Many gardeners relish salvia for its prolific summer-long bloom period and ability to withstand hot, dry conditions. Sometimes called sage, these ornamental plants are popular for borders and mass plantings. Salvia flowers are well-adapted for containers and make excellent cut flowers. Most species prefer full sun locations, but can salvias grow in shade?
Salvia Sunlight Requirements
It's estimated there are between 700 and 3000 species in the salvia genus, which is a member of the mint family. Most salvia species, including culinary sage (Salvia officinalis), prefer 6 to 8 hours of direct sunlight per day.
Some species of salvia are tolerant of partial shade exposure (3 to 6 hours of sunlight per day), but may not bloom as profusely in less sunny areas of the garden. A few ornamental species of salvia actually prefer partial sun and can tolerate shady spots which receive less than 4 hours of sunlight per day.
Salvia: Part-Shade Species
When selecting salvias for partial shade flower gardens, consider these species which can tolerate less than full sun growing conditions:
- Bedding sage (Salvia splendens) -- Readily available in many gardening centers, this popular salvia species produces spikes of flowers which grow 8 to 30 inches (20-76 cm.) tall. Sometimes called Scarlet sage for its beautiful red flowers, newer varieties of bedding sage offer a selection of bloom colors including purple, orange, salmon and white.
- Black and Blue sage (Salvia guarnitica) -- So named for its cobalt blue flowers and black calyx, Black and Blue salvia grows up to 5 feet tall (1.5 m.) and is winter hardy in USDA zones 7 to 10.
- Cleveland sage (Salvia clevelandii) -- One of the most fragrant species of salvia, Cleveland sage is a woody shrub-like species with grayish green foliage. It produces lavender flowers in late spring.
- Creeping sage (Salvia sonomensis) -- Often grown as ground cover, Creeping sage has silvery green foliage. It produces bluish-violet spikes of flowers in spring and early summer.
- Forsythia sage (Salvia madrensis) -- In frost-free climates, the spiky yellow blossoms of Forsythia sage provide beautiful colors to the fall and winter garden. This perennial can reach 7 feet (2 m.) tall.
- Scarlet, Blood or Texas sage (Salvia coccinea) -- Although this sage shares common monikers with other salvia species, it was named for its bright red, 10 inch (25 cm.) spikes of flowers. This fast-growing subshrub can reach 2 to 4 feet (.6-1.2 m.) tall. Cultivars with white, pink, salmon or orange flowers have been developed.
- Sticky Sage (Salvia glutionsa) -- So named for the glutinous hairs which cover the plant, Sticky Sage produces attractive 12 inch (30 cm.) spikes of yellow flowers dotted with maroon flecks.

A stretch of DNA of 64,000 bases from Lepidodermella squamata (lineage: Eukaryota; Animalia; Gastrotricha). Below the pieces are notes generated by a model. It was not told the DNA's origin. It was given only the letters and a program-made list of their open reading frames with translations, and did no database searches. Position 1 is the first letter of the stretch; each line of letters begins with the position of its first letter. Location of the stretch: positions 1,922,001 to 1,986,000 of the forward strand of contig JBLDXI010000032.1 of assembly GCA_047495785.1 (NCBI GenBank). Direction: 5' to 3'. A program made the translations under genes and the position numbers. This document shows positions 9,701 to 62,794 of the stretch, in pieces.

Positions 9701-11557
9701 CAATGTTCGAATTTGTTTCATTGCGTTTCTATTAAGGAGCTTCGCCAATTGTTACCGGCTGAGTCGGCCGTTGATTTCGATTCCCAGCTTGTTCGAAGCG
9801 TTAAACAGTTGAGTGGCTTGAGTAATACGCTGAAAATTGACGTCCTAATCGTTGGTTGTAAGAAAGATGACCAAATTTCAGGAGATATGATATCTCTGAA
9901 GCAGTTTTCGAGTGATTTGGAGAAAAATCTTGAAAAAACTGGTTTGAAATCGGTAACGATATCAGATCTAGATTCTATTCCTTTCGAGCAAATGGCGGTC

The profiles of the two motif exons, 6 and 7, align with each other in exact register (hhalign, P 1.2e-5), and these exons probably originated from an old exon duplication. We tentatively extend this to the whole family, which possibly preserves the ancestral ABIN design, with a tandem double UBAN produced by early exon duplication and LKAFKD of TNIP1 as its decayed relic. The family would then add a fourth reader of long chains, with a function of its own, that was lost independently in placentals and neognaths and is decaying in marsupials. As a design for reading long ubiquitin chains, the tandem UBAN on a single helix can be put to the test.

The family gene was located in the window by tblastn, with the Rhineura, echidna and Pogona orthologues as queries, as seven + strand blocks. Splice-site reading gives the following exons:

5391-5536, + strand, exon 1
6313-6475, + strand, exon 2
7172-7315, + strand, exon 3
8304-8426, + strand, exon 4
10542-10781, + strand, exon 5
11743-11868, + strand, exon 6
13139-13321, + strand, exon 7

Shade Sage and Salvia Species
If you're looking for colorful, blooming plants to grow under trees or in low light parts of the garden, select these species of salvia for shade areas. All three prefer partial shade, but will continue to bloom with less sunlight.
- Hummingbird sage (Salvia spathacea) -- Named for its tubular flowers which attract hummingbirds, this species blooms in the spring and has fruity scented blossoms. Hummingbird sage reaches a height of 12 to 36 inches (30-91 cm.) and is available in a variety of colorful blooming cultivars. This species remains evergreen in climates with mild winters. Winter hardy in USDA zones 8-11.
- Japanese Yellow sage (Salvia koyamae) -- With foliage rarely reaching more than 12 inches (30 cm.) tall, Japanese yellow sage's creeping growth habit makes it a suitable ground cover for shady areas. The lemony yellow spikes of flowers can reach 18 to 24 inches (46-61 cm.) tall and appear in late summer and early fall. USDA hardiness zones 5 to 9.
- Himalayan Cloud Sage (Salvia nubicola) -- Native to mountainous slopes in parts of the Middle East and Eurasia, Himalayan Cloud sage is a herbaceous perennial which adapts well to shady areas of the garden. The 10 inch (25 cm.) spikes of flowers are pale yellow with hints of maroon. Deadhead this species for a second wave of flowers later in the season. Winter hardy in USDA zones 7-11.
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Laura Miller has been gardening all her life. Holding a degree in Biology, Nutrition, and Agriculture, Laura's area of expertise is vegetables, herbs, and all things edible. She lives in Ohio.
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